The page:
Investing

Macedonia wins by investing in itself

Macedonia’s highway infrastructure is currently undergoing an 800 million euro ($900 million) upgrade that will add 106 miles of new road. The massive improvement project probably wouldn’t be happening if not for the republic’s decade-long transformation into a go-to location for automotive suppliers.

Since 2007, parts makers such as Delphi, Adient, Lear, Johnson Matthey, Kostal, Kemet and Key Safety Systems have opened factories in Macedonia. The country, formerly part of Yugoslavia and roughly the size of Vermont, also is currently negotiating with more than 15 existing and new suppliers about future investments, according to Viktor Mizo, CEO of Macedonia’s Directorate for Technological Industrial Development Zones.

Auto components accounted for nearly half of Macedonia’s 4.3 billion euros in exports last year. Macedonia has lured suppliers with its availability of skilled, affordable workforce, its proximity to key European markets and tax incentives. Those perks include a 10 percent corporate and personal income tax, which is among the lowest in Europe, and a 0 percent tax for both reinvested earnings and for companies that open a factory in one of Macedonia’s technological industrial development zones.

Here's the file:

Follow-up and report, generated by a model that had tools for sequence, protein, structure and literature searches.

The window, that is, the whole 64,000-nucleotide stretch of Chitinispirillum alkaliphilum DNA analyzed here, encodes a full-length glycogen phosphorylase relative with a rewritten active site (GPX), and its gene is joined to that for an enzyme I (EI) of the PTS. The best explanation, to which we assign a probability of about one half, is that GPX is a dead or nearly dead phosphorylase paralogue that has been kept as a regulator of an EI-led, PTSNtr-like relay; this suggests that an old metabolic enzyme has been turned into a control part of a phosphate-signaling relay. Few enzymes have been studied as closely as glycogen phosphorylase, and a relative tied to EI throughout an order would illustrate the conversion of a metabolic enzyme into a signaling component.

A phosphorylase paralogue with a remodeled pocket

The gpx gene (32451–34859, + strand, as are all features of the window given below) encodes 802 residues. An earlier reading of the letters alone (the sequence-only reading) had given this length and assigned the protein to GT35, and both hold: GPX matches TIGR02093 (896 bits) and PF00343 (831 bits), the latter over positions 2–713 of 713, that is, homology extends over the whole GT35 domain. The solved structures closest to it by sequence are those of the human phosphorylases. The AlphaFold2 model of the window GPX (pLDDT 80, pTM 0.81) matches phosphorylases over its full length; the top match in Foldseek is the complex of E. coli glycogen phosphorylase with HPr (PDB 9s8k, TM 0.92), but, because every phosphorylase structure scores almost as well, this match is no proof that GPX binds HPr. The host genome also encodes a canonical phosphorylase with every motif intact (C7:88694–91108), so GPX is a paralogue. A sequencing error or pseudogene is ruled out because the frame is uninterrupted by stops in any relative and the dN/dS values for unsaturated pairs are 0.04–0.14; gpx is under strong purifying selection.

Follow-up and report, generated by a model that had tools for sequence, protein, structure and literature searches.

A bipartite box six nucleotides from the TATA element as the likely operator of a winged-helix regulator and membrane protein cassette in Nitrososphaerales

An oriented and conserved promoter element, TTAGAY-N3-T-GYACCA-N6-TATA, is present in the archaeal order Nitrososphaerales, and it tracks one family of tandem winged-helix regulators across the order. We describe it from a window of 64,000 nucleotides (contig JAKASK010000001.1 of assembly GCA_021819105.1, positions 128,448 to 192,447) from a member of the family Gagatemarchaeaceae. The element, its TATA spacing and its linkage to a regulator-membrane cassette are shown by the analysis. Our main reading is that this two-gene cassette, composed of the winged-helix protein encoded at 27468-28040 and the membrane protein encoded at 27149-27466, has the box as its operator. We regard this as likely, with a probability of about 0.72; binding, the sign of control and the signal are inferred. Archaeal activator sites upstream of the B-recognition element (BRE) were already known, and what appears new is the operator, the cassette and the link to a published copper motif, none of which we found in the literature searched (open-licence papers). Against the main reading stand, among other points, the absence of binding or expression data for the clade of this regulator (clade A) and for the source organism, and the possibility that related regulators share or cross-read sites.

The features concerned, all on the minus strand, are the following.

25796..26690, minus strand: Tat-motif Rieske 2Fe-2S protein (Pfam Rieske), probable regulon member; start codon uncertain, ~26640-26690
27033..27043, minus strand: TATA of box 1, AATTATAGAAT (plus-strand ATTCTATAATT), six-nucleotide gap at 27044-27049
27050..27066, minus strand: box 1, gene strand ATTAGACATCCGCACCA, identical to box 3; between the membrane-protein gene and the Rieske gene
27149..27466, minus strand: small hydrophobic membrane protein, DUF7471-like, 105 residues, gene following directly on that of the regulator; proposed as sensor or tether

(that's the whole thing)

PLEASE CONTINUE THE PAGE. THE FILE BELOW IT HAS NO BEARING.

To help expedite business in the country, Macedonian officials promise that a company can move from business registration to the start of operations in just four hours, with only three steps necessary to obtain a construction permit, down from 21 previously.

The efforts have gained notice around the world. In 2006, the World Bank’s annual Ease of Doing Business ranking counted Macedonia 94th out of 175 economies for its business climate. This year, it has risen to 10th out of 190.

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